Microsoft and Redhat have released advisories regarding a new variant of the Spectre
Variant 1 side-channel vulnerability that affects modern Intel CPUs which leverage speculative-execution. There is some reason to believe that it affects some AMD processors as well. But no firm information has been provided as of yet.
Identified as CVE-2019-1125, the vulnerability could allow unprivileged local attackers to access sensitive information stored in the operating system privileged kernel memory.
The vulnerability was discovered and privately reported to Intel by Andrei Vlad Lutas of Bitdefender 12 months ago. It resides in every CPU Intel has introduced since at least its Ivy Bridge line (2012) of processors and possibly earlier.
From Red Hat: The vulnerability dubbed Spectre affected microprocessors that performed branch prediction as a method of improving system performance when evaluating complex instruction paths run by the CPU. These processors would speculate on the most likely choice when presented with a series of choices. These choices could act on private data and bring this data into cache. A careful observer of access times could use the timing of these actions to infer the contents of the speculatively accessed memory by observing timing results (commonly referred to as a timing attack).
The x86 family of microprocessors implements a feature known as memory “segmentation” in which all memory addresses are formed from a segment base address, plus an offset within that segment. The architecture defines segment registers (CS, DS, SS, ES, FS, GS) that may be used in building a complete memory address, with some used implicitly by certain instructions.
The “FS” and “GS” registers can be used in 64-bit mode to provide an offset into memory ranges reserved for specific data. For example, Linux uses “GS” to store TLS (Thread Local Storage) pointers in userspace (user) applications, and to serve as an offset into per_cpu data for a given processor when in-kernel. The SWAPGS instruction is used on 64-bit entry into kernel code to swap the current user space value of “GS” with the value intended to be used during kernel operations.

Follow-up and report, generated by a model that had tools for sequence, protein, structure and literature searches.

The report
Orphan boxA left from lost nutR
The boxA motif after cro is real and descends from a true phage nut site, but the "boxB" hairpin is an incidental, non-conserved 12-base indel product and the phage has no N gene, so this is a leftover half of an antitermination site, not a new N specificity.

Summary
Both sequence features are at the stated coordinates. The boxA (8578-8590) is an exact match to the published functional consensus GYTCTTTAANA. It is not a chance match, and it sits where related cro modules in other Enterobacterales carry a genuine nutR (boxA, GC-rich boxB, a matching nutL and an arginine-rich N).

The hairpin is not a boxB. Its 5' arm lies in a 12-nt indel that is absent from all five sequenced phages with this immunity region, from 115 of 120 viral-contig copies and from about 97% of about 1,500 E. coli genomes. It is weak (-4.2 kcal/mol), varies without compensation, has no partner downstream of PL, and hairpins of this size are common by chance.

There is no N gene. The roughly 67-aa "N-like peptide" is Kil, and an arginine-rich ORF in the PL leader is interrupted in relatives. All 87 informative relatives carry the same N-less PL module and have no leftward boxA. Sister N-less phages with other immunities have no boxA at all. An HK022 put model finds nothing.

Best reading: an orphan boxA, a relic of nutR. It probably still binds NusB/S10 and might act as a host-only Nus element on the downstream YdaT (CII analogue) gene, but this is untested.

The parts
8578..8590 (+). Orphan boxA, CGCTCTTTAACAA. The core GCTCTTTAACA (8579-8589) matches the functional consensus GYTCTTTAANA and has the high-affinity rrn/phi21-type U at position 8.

This newly swapped “GS” value is used to perform accesses to kernel data, using the PER_CPU macros contained within the kernel. The “SWAPGS” instruction was added as part of the mechanism to transition from userspace to kernel space, which determines a convention to find kernel data such as kernel stack data.
The SWAPGS instruction is a primitive instruction and does not validate the correctness of the values it uses. There are cases where the system may enter kernel code but may not require the swap or may re-enter kernel mode when already running in kernel mode.
Due to these cases, there are checks within the kernel entry code where conditional branches test to determine if the swap is necessary. As a result, it is possible that these conditional branches in the Linux kernel entry code may mis-speculate into code that will not perform the SWAPGS, resulting in a window of speculative execution during which the wrong GS is used for dependent memory operations. A typical Spectre-style side-channel analysis may be performed on the timing results by a suitably skilled attacker.
Microsoft has pushed a silent update for Windows 10 and Windows Server that mitigates this vulnerability in all CPUs that Intel has introduced since 2012. It is recommended that you update all Windows systems as soon as possible.
For Red Hat based systems a kernel update has been made available.
The following Red Hat product versions are impacted:
- Red Hat Enterprise Linux 5
- Red Hat Enterprise Linux 6
- Red Hat Enterprise Linux 7
- Red Hat Enterprise Linux 8
- Red Hat Atomic Host
- Red Hat Enterprise MRG 2
- Red Hat OpenShift Online v3
- Red Hat Virtualization (RHV/RHV-H)
- Red Hat OpenStack Platform
- Red Hat OpenShift Container Platform 4 (RHEL CoreOS)
The specific instruction of interest,
SWAPGS is only available on the x86-64 architecture, as such only x86-64 platform vendors (Intel and AMD) are known to be affected.